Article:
DNP students create video series to help parents prepare for having a baby
June 18, 2020
As COVID-19 started its spread in Minnesota, nurse-midwife leaders from across the state started meeting weekly over Zoom to discuss how care was changing. With the COVID-19 pandemic limiting clinical visits, expecting patients experienced even less time with their providers during wellness checks and their partners weren’t allowed to attend with them. In addition, in-person prenatal classes were suspended.
The new protocols exacerbated an existing challenge to provide expecting parents with the education to prepare for a major life milestone. “It’s an ongoing issue to flatten inequities around accessibility to education that patients and families need to prepare for having a baby,” said Ann Forster Page, DNP, APRN, CNM, FACNM, nurse-midwife service director, University of Minnesota Physicians and adjunct clinical assistant professor at the School of Nursing who served as the community partner for the project.
To address the need, students in the Doctor of Nursing Practice (DNP) program created a comprehensive library of educational videos to prepare expecting parents for pregnancy, labor, postpartum and newborn care. The series, Having A Baby: Prenatal and Newborn Care Education, includes 60 videos of educational material that is free to access and was designed to be short and easy to understand.
Four DNP students, Shannon Weas, Bonnie Perrine, Naomi Lara and Mandy Hoffman, wrote the scripts for the videos and enlisted the help of DNP colleagues in nurse-midwifery, pediatric nurse practitioner and women’s health nurse practitioner specialties to record the videos. Filmmaker Deacon Warner edited the videos, which are available on the School of Nursing website.
“COVID-19 highlighted inequities that already existed in terms of accessing prenatal education and a timely need for a free, easily accessible option for prenatal education became apparent,” said Weas, BSN, RN, PHN, a DNP nurse-midwifery student who will graduate in 2021. “A large reason I went into midwifery is the midwifery philosophy of whole-person care, which includes providing equitable care to all. Every person deserves the right to access health care and our current system makes this difficult. This project is a small step in increasing access to, and fighting inequities in, health care.”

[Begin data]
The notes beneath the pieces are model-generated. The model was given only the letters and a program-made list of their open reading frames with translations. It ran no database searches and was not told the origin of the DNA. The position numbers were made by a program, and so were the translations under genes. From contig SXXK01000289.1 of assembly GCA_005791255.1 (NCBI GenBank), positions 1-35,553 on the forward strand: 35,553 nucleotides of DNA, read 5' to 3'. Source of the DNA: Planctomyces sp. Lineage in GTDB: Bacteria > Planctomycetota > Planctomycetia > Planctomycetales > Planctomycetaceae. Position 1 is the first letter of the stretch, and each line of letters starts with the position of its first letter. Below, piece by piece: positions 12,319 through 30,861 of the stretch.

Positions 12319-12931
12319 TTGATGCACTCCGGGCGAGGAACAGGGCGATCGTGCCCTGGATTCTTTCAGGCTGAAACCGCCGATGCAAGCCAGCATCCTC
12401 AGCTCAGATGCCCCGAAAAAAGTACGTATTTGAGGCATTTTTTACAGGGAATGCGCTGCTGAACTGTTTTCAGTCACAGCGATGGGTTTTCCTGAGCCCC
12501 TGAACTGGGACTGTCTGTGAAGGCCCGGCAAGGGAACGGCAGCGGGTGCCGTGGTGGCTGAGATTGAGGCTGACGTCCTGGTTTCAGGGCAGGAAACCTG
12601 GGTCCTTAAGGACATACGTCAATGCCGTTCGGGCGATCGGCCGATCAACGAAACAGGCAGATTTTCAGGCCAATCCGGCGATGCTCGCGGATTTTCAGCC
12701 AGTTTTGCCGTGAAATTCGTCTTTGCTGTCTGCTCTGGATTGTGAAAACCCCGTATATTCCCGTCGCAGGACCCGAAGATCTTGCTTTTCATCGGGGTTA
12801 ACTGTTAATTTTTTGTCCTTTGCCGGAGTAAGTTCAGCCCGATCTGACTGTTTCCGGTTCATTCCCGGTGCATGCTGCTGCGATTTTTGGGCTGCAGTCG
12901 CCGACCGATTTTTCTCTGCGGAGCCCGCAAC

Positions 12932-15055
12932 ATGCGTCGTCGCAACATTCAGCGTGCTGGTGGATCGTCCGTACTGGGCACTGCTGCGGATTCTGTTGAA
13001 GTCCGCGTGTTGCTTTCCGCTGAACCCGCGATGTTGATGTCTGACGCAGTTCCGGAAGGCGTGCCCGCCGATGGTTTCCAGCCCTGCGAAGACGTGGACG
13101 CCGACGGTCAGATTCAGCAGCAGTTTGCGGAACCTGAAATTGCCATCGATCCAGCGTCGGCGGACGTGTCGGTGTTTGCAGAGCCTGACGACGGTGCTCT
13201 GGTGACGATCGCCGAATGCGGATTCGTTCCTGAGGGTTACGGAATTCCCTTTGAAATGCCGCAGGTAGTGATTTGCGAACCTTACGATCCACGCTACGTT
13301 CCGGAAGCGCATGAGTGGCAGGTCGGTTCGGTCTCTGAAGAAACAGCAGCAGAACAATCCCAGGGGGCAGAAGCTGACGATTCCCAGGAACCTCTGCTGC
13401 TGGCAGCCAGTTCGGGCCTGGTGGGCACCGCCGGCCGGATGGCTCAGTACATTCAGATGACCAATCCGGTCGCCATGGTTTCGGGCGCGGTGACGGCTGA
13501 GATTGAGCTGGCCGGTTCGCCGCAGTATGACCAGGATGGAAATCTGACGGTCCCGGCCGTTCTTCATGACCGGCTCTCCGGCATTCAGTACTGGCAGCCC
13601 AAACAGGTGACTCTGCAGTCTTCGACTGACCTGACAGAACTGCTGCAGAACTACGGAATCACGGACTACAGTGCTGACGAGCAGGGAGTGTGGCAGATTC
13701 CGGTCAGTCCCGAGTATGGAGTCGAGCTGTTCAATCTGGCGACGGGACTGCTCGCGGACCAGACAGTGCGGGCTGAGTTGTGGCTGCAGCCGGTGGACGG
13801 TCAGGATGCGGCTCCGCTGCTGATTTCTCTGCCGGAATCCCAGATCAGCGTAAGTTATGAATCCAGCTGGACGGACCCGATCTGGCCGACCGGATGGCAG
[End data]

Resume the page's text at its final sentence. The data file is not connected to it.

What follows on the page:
The goal of the videos is to help expecting parents feel more prepared for pregnancy, birth and newborn care and to think through their values and options in pregnancy care. Topics include everything from breastfeeding to baby care, normal physiologic labor, how to support labor and vaginal birth after C-section preparation.
“We were really purposeful in breaking up the topics, so that they are shorter and easy to watch in little spurts,” said Forster Page. “Patients can jump around as they need and supplement their knowledge with the 3-5 minute videos. The language is intentionally taking the medicalized approach out of it, so it’s much more conversational.”
The DNP students are working to get the videos captioned for those who are hearing impaired and translated to Spanish and Somali. They have applied for a grant to be able to expand language access to other languages widely spoken in the Twin Cities area as well.
“There is just such a vast need for more accessible patient education,” said Lara, BSN, RN, adding that her own experience with a lack of prenatal and woman’s health education was one of the reasons why she chose to become a midwife. “I hope that providers are able to use this resource to enhance and reinforce the education they are giving to patients, and perhaps even free up some time to spend answering more patient questions. I also hope that the patients who see our videos will feel more empowered in their pregnancy, birth and parenting.”
The students’ work on the series was part of the DNP program requirement to develop and implement a system-level change.
“All four of these students demonstrated an ability to really consider what patients and families need, how to funnel their knowledge into easily understandable education, and how to lead a multidisciplinary team to create a huge impact in care delivery,” said Forster Page. “These are the skills and qualities we need in our future providers.”